Topic for the week: Step 4 – Made a searching and fearless moral inventory of ourselves.
When I came into the rooms of AA in Miami Beach in the early ’90s I kept hearing that if you don’t do a Step 4 you’ll go out again; I didn’t want to drink again so I thought I should do a 4th Step – makes sense, right? However, there was a little problem – I hadn’t formally done Steps 1, 2, and 3 with a sponsor, so jumping ahead to do a 4th Step proved to be just about impossible. I even had a sponsor, but as with most things I didn’t bother mentioning my plans to her and instead just took it upon myself to do a 4th Step on my own.
While I’d accepted Step 1 and wasn’t totally opposed to Step 2, I definitely hadn’t turned my will and my life over to the care of a Higher Power. I didn’t trust most people and wasn’t comfortable putting my trust in a nebulous entity that had let me down time and time again, or at least that’s how I saw God/a Higher Power at that point in my life. After struggling with the 4th Step for a few weeks I finally told my sponsor what I was up to and she suggested we start from the beginning – what a novel idea! – so I went back to Step 1 with her and progressed to where I was ready to begin Step 4.
I’d never looked too hard at my behavior while drinking other than being vaguely aware that a lot of it wasn’t acceptable, or even legal. I excused a lot of my behavior because I felt I was owed BIG time for all the difficulties I’d experienced growing up; I had a huge chip on my shoulder that fueled my drinking and much of my regrettable behavior. So, when I was finally ready to take a look at my behavior and how it had affected others, I found it difficult not to rationalize what I’d done. But fortunately my sponsor got me to put aside that huge chip on my shoulder and focus specifically on what I had done to others, excluding what I felt/believed others had done to me. This was a great help, and started me in the right direction as far as making a searching and fearless moral inventory of myself.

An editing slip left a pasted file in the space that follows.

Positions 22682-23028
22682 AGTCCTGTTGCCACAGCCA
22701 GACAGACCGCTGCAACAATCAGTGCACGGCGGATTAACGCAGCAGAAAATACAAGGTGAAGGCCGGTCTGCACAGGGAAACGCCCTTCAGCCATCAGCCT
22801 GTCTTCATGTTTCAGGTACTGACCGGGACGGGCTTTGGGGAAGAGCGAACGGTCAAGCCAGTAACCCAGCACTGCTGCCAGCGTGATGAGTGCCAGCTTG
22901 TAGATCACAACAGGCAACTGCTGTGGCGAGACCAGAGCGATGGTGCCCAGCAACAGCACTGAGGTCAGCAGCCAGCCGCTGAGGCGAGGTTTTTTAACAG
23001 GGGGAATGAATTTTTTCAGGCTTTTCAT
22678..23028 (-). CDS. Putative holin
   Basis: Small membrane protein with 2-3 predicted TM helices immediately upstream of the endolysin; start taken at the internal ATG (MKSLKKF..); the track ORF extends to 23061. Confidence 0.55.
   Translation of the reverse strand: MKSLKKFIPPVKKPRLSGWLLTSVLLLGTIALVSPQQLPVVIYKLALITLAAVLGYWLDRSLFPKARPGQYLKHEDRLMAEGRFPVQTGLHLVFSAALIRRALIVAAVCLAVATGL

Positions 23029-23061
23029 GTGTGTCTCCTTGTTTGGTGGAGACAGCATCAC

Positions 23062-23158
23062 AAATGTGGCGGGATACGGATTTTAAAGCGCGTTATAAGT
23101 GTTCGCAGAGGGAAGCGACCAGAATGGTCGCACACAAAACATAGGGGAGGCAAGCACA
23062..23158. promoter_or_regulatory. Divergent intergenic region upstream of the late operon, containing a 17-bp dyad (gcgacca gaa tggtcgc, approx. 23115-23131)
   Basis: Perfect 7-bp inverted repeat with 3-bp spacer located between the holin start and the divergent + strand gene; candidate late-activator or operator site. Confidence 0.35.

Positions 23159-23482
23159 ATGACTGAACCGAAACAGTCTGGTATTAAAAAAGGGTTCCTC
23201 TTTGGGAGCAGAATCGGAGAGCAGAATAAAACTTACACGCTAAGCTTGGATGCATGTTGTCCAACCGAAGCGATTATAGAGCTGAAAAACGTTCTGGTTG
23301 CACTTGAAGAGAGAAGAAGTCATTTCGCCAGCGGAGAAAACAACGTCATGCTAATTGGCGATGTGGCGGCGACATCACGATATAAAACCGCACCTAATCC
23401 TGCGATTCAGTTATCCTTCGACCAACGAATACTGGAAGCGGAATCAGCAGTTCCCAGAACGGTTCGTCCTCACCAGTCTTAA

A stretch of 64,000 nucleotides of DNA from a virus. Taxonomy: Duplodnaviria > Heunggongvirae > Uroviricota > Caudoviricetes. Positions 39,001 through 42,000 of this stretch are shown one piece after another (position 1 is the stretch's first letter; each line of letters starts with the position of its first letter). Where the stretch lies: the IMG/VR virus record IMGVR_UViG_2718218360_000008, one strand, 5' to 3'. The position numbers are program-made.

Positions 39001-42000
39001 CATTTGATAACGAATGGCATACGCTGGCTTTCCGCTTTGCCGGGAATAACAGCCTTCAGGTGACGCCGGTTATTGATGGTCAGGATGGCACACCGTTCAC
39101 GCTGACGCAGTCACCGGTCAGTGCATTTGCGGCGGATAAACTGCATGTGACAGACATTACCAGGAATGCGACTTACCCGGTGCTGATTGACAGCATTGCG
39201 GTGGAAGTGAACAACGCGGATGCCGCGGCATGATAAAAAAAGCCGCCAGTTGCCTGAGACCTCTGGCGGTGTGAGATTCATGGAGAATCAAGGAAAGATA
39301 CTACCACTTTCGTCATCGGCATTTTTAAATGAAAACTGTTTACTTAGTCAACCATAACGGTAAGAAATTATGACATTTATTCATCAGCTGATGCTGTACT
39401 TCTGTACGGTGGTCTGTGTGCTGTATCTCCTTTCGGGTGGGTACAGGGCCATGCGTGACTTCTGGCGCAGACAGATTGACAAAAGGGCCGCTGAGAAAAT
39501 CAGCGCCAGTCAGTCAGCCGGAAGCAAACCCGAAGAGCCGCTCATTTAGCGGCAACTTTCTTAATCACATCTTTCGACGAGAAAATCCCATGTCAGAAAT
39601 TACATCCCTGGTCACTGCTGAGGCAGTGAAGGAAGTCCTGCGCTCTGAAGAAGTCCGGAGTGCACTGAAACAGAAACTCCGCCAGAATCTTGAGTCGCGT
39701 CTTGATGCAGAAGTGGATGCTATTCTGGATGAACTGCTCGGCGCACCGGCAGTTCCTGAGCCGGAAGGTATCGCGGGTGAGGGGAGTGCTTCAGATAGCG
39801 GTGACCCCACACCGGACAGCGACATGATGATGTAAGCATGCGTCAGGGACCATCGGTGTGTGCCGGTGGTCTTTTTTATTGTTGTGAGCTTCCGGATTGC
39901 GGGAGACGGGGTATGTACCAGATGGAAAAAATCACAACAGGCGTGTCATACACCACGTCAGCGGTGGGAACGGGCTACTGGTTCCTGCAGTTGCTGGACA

It certainly wasn’t easy to look at my behavior so scrupulously; at times I felt like I must be the worst person on the planet to have done what I’d done and lived the way I had. But my sponsor pointed out that she believed the 4th Step isn’t only about the “bad” stuff; it’s a 360-degree view of an individual – the bad, the good, the useful, the non-useful, and so on. The outline provided in the Big Book focuses on resentments, fears, sex conduct, and harm done to others, and digging into each of those categories was illuminating as far as allowing me to uncover motives, the patterns of my behavior, and why I react to situations or people in a certain way. Eventually, the more I wrote the more I wanted to find out about myself because I came to understand that this would enable me to break the cycle of destructive behavior and mature emotionally, both of which I desperately wanted.
Along with the resentments, fears, sex conduct, and harm done to others, I also had a column stating what I felt was worth keeping, e.g., my sense of humor, my organizational skills, my love of nature, and so on. This column gave me something to build on, while the other columns gave me direction by showing me what needed to change. In the end, I found Step 4 to be liberating and yes, quite useful as far as helping me stay sober. Doing the 4th Step with a sponsor was a turning point in my sobriety, and although it was difficult facing up to some aspects of myself, I had to look at the active-alcoholic me in order to change into the sober me…I had to go through the mess that was my active-alcoholic life in order to see what I was, what I no longer wanted to be, and who I could be as a sober woman.
We are all invited to share on Step 4. The steps are our blueprint for living sober lives
*** Step 4 ***
“Made a searching and fearless inventory of ourselves.”
This step is listed in Chapter 5, How it Works, from the book, “Alcoholics Anonymous” (affectionately known as the Big Book) (see p. 59). There’s a lot more in Chapter 5, starting on p. 64. And there’s even more about it in the book, Twelve Steps and Twelve Traditions.
*** Where to get the books, Alcoholics Anonymous and Twelve Steps and Twelve Traditions ***
You can find these books at many f2f AA meetings; you can order them online from many places. And they are available from the AA General Service office, to read online, in English, French, and Spanish. See www.aa.org/